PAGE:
From E&E News:
“When they first approached [the greenhouse gas policy] and then retracted it, that’s a pretty clear indication of FERC leadership tucking its tail between its legs and running,” said Devin Hartman, director of energy and environmental policy at the R Street Institute and a former FERC staffer. “I think it’s a little bit back to the drawing board.”
It’s possible that the timing of FERC’s greenhouse gas policy contributed to the negative reaction from Manchin and Republican lawmakers, said Hartman of the R Street Institute.
The policy was issued in February shortly after Russia invaded Ukraine, “when the world was starved of natural gas,” Hartman said.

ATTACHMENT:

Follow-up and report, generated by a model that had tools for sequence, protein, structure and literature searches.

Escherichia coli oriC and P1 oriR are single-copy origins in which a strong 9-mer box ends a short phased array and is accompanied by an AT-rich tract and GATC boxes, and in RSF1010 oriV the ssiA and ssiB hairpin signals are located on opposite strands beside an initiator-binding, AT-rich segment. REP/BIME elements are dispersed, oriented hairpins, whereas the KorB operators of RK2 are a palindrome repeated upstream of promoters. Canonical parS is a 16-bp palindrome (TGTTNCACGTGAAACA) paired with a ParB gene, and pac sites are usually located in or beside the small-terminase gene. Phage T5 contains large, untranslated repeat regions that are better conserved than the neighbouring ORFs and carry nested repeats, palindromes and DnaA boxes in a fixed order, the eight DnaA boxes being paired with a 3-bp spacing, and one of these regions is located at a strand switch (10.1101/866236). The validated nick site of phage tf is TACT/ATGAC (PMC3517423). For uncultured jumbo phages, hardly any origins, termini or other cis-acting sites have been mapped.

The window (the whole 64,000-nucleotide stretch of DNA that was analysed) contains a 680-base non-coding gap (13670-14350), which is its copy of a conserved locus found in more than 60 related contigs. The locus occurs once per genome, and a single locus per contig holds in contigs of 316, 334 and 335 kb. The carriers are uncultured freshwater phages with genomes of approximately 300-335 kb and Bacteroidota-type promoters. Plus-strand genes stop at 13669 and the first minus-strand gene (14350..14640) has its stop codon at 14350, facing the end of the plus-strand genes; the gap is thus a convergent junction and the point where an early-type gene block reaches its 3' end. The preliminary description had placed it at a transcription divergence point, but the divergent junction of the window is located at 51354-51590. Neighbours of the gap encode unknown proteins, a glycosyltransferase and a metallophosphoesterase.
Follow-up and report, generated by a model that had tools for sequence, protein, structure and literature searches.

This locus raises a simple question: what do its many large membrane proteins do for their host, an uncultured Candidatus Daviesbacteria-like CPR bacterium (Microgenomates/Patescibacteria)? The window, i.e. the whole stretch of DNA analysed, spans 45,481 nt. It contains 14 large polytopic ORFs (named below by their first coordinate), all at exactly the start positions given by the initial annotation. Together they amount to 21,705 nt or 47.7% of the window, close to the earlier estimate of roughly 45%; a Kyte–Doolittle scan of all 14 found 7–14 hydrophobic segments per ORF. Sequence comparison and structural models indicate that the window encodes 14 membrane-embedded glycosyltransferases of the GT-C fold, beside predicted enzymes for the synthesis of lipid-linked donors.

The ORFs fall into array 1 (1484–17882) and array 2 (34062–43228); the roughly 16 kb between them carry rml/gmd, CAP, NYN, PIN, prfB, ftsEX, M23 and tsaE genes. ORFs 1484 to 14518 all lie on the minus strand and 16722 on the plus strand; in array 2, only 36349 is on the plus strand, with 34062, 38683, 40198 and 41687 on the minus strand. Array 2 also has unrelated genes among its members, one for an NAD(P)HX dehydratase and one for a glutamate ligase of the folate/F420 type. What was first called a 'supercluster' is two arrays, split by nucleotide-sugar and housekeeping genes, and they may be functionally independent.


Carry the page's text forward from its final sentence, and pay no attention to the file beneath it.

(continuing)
Others have pointed to potential legal deficiencies in the policy, including the fact that it was intended to apply to gas projects that were already pending before FERC. Still, Glick was right to take up the issue, Hartman said, calling the status quo “not sustainable.”
“You do have to account for climate in decisions here, but there’s good ways to do it and bad ways to do it,” Hartman said. “Glick should’ve taken a more constructive approach to it.”